Suddenly Dumuzi saw his wife standing there, her face dark with anger, with the demons behind her, licking their lips in anticipation. Turning pale, he was too frightened to move. The Galla marched up to his throne and grabbed his arms in their clawed hands.

Trembling with anger, Inanna cried, "Take that no-good bum away!" And the demons dragged the screaming king off to the land of the dead.

All of which put Ereshkigal in a better mood, because Dumuzi happened to be a total stud, even if he was a no-good bum.


Pele and Hiiaka

Before the first American missionaries landed in the Hawaiian islands, in 1820, the Hawaiians had a complicated system of gods, traditions, and taboos. By the time the missionaries arrived, the Hawaiian people were ready to be converted to Christianity, having discarded all their gods except one: Pele, the volcano goddess. When a volcano is that visible, dominating the landscape and always threatening to engulf some unfortunate part of the island with boiling lava, it's not smart to deny the existence of a volcano goddess.


Volcano goddesses are notoriously bitchy, and Pele, the Hawaiian volcano goddess, is the queen bitch of them all. This fiery redhead has a foul temper and a tendency to spew boiling lava at a moment's notice. She is also, however, passionate about affairs of the heart, and the mixture of love and lava is a volatile combination.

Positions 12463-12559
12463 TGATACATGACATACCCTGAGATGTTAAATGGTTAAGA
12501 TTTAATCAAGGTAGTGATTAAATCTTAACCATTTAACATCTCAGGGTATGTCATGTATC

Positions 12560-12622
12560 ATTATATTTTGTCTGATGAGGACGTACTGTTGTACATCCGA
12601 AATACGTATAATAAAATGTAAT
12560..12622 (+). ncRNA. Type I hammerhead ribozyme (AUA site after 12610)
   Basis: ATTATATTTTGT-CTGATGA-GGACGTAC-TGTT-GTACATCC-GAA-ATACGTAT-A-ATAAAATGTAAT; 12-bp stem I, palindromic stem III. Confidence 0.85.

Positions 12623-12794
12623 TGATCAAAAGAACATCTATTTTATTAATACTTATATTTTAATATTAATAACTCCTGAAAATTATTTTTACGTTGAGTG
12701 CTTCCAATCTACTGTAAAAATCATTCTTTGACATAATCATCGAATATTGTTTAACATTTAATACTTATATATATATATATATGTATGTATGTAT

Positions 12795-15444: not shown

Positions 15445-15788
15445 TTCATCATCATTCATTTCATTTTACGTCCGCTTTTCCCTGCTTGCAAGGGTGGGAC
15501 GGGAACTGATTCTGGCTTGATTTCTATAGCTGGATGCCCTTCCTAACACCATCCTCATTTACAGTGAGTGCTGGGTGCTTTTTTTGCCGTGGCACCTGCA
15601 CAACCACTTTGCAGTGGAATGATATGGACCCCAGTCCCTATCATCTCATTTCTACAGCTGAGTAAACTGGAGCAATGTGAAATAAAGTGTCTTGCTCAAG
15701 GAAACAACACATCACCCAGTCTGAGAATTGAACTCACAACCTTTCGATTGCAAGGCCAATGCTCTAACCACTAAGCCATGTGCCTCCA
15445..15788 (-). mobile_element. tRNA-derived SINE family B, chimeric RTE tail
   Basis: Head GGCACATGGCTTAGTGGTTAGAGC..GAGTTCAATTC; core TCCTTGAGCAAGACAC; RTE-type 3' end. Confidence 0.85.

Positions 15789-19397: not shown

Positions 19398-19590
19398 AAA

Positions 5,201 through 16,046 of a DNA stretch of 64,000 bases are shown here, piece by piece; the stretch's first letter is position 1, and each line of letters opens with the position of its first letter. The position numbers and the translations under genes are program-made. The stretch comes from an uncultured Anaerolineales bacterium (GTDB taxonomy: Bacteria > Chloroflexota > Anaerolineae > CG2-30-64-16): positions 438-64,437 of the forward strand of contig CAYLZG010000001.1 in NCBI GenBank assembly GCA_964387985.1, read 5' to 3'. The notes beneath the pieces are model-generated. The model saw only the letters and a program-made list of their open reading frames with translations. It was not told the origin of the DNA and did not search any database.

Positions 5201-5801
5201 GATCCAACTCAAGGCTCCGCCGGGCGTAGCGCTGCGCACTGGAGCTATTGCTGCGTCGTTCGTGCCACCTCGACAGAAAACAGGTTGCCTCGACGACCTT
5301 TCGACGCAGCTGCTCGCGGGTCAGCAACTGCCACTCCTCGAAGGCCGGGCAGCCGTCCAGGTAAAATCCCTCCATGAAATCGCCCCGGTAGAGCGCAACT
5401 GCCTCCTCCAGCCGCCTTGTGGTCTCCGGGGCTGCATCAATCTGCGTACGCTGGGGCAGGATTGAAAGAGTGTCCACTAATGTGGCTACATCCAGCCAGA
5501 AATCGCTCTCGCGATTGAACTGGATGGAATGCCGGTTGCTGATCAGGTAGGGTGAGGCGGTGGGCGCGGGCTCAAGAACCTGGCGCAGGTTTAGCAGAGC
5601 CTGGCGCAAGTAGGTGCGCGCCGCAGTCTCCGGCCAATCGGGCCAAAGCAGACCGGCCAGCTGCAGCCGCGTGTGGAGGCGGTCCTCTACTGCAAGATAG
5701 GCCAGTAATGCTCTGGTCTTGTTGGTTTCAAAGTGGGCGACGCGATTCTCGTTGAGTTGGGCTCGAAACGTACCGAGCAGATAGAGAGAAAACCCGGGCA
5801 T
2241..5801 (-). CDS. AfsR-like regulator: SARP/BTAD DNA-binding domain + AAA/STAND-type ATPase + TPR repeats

Once Pele and her seven sisters, all named Hiiaka, had a beach party at Puna, near her volcano. After a day of swimming and surfing, the goddess decided to nap in the shade of a palm tree, but first she called out to her youngest sister, Hiiaka the Youngest. Hiiaka was as even-tempered as Pele was fierce, and was her favorite.
(Continues...)


Excerpted from Eternally BAD by Trina Robbins. Copyright © 2001 Trina Robbins. Excerpted by permission of Red Wheel/Weiser, LLC.
All rights reserved. No part of this excerpt may be reproduced or reprinted without permission in writing from the publisher.
Excerpts are provided by Dial-A-Book Inc. solely for the personal use of visitors to this web site.

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Table of Contents

Contents

Foreword by Rachel Pollack          

Introduction: This Is Not Your Mother's New Age Goddess!          

one The Evil Twin          

two Tramps and Thieves          

three Bad Girls of the Bible          

four Sorceresses: Don't Drink That!          

five G. I. Janes          

six Goddesses Who Love Too Much          

seven They Got Away with Murder!          

Index          

Bibliography          

About the Author          


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Sort by: Showing all of 2 Customer Reviews
  • Anonymous

    Posted January 3, 2014

    Great and inspiring

    Robbins respins old myths about female, but not all feminine, goddesses. She even relates it to a younger generation and inspired me to write a short play about some of these goddesses. The myths make you feel like a bad#$$ warrior queen that can take on the world.

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  • Anonymous

    Posted May 2, 2007

    A wonderful book!

    I'm researching mythology right now for my schoolwork, and I find this to be a very useful and entertaining book. I love all the tales and the manner they are told in, I just can't pick a favorite!